to press the differential bushings in i used the screw press method basically used the same tool to take it out to put it back in: press the bushings with the lip side facing the bottom.



for the subframe bushings i started to use the screw pull method, but after getting it half way in it started to get difficult. it takes a lot of force to get these bushings in. so i tapped out and gave in and bought a 12 ton shop press. by the way if any one is interested I'm selling it for 80 dollars..... LOL i have a 12 ton shop press sitting in my garage taking up space but if not you can buy this at harbor freight, makes life a lot easier. also use a little grease on the bushings, i used a minimal amount, because I'm not sure if you are supposed to use a lot of grease.



press the bushings in, also you need to allow a hole on the bottom of the press, since a part of the bushing goes past the frame housing.

also make sure the bushing goes straight into the housing, you have to be extra careful so you don't warp your subframe. my bushings did not go in straight at first, but after a few adjustments they straightened out. what i mean by that is, while pressing the bushings, i checked every time i pressed it to try to adjust the where i placed more pressure on the bushing so it would go in straight. or taping the side that was higher with a hammer. another note is with the bigger subframe bushing i used 3 pieces of 1/4 inch steel plates as a spacer between the subframe because i saw that it flexed a little while it was getting pressed down.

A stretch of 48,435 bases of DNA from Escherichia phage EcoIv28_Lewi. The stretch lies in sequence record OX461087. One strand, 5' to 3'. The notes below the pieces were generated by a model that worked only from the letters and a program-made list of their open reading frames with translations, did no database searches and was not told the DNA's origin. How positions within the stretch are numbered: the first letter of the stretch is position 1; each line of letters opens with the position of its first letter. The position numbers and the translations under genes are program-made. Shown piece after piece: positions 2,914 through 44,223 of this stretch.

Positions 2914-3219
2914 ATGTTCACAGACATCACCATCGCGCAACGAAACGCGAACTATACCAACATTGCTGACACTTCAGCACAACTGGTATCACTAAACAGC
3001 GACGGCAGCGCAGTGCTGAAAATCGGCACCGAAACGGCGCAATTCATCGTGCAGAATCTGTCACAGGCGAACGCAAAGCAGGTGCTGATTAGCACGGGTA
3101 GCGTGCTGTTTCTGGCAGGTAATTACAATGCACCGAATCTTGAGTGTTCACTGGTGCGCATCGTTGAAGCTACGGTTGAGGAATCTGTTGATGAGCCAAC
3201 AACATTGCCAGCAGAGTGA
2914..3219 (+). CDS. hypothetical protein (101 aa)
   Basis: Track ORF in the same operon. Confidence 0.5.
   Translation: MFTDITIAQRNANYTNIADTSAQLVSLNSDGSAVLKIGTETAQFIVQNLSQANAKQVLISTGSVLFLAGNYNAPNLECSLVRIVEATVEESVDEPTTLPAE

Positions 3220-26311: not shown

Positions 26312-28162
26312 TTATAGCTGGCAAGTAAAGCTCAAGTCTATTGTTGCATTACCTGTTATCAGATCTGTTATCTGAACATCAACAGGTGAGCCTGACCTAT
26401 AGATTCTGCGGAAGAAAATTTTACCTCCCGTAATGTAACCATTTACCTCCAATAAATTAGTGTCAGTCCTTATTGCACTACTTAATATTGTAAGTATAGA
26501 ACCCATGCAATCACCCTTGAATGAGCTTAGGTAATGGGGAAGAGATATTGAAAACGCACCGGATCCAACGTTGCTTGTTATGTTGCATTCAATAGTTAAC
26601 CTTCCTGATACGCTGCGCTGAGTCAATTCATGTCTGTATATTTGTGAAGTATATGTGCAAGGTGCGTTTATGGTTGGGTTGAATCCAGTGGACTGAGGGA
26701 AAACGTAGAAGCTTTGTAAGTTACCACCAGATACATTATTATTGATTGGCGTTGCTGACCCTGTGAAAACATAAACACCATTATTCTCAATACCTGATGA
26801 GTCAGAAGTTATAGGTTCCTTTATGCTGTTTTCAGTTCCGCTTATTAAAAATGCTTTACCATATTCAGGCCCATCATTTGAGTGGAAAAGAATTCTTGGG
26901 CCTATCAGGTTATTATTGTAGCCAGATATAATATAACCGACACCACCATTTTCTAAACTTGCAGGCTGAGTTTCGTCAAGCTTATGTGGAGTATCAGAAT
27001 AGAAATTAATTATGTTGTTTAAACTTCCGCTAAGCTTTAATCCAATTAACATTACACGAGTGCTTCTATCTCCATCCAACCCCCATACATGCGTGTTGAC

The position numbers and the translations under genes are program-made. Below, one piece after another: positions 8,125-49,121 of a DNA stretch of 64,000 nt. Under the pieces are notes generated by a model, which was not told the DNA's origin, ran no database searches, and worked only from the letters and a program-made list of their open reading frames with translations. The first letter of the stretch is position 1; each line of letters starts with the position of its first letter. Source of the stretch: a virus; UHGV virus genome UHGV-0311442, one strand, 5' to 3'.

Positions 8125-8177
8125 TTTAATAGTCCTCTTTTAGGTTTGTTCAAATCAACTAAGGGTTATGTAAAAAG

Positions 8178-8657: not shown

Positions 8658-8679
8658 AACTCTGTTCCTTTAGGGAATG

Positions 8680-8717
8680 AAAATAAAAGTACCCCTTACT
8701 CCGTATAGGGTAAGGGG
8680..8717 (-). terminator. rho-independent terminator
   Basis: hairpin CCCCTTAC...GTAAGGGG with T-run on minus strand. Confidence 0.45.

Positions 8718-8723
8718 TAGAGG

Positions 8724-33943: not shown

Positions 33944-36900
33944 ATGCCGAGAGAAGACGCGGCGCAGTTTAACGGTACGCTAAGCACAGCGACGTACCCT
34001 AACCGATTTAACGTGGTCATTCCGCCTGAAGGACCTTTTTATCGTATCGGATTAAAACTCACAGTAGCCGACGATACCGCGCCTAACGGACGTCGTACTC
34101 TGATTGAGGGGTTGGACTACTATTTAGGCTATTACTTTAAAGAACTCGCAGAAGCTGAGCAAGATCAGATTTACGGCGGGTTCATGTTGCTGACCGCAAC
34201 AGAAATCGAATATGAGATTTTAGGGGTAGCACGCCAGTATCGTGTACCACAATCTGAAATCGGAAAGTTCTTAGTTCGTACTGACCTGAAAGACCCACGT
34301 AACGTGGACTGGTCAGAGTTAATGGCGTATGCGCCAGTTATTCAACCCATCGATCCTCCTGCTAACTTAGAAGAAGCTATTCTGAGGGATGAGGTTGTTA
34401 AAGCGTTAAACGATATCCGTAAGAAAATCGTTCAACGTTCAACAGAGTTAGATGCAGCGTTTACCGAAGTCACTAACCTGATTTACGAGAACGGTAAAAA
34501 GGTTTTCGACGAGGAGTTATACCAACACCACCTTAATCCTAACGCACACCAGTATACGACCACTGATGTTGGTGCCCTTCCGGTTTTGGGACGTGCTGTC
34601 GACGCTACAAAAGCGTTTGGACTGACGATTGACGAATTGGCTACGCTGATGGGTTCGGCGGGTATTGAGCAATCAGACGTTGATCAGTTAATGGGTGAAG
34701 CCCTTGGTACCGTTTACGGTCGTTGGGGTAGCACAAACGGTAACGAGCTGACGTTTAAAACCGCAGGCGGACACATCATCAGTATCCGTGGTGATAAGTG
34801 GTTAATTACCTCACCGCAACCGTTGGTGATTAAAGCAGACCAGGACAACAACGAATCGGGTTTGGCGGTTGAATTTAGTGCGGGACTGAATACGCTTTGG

the space in the picture circled in red



you can do all that to press in the bushings or send it out to a reputable shop to press them in for you, i was going to send it into an indy shop... but it was the weekend, and i wanted it done asap... so i just ended up getting a press.

luckily it all came out fine and i didn't warp anything! woooo






after pressing in the bushings every thing is the reverse pushing back in your subframe and raise it then bolt everything back up and get an alignment and bleed brakes

also recommend replacing differential fluid since your differential is already out.

torque values:
Rear shock: 100nm
Subframe: 100nm M12
Drain and fill: differential 60nm
Differential front: 100nm M12
Differential rear: 165nm M14
Differential drive axle: e92 s65 M12 120nm*
-M12 torx screw with ribs
Brakes 65nm
Drive shaft to differential : 20nm and 90 degree angel M10 ZNS3

Last edited by e46m3tony; 12-10-2014 at 06:24 AM.
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      12-10-2014, 08:57 AM   #2
pbonsalb
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Great job. Thanks for posting the details. I will be doing this soon on my 08M3.
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      12-10-2014, 01:22 PM   #3
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Seems like a great time to do the inner control arm bushings as well, what kind of shape were yours in? I don't even know if those are rubber on the M3 or if they're the hybrid monoball-type found in some other places in the M3's suspension so maybe they don't wear much
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      12-10-2014, 06:40 PM   #4
e46m3tony
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Quote:
Originally Posted by Richbot View Post
Seems like a great time to do the inner control arm bushings as well, what kind of shape were yours in? I don't even know if those are rubber on the M3 or if they're the hybrid monoball-type found in some other places in the M3's suspension so maybe they don't wear much
i bought a subframe off ebay, and the bushings seemed to be in pretty good shape, even the subframe bushings seemed to be in good shape, but since i was removing the subframe i decided to swap them out any ways. but i think the inner control arm bushings are rubber. i didn't bother changing them, but if i did I'm pretty sure it would be easy even with the subframe in the car.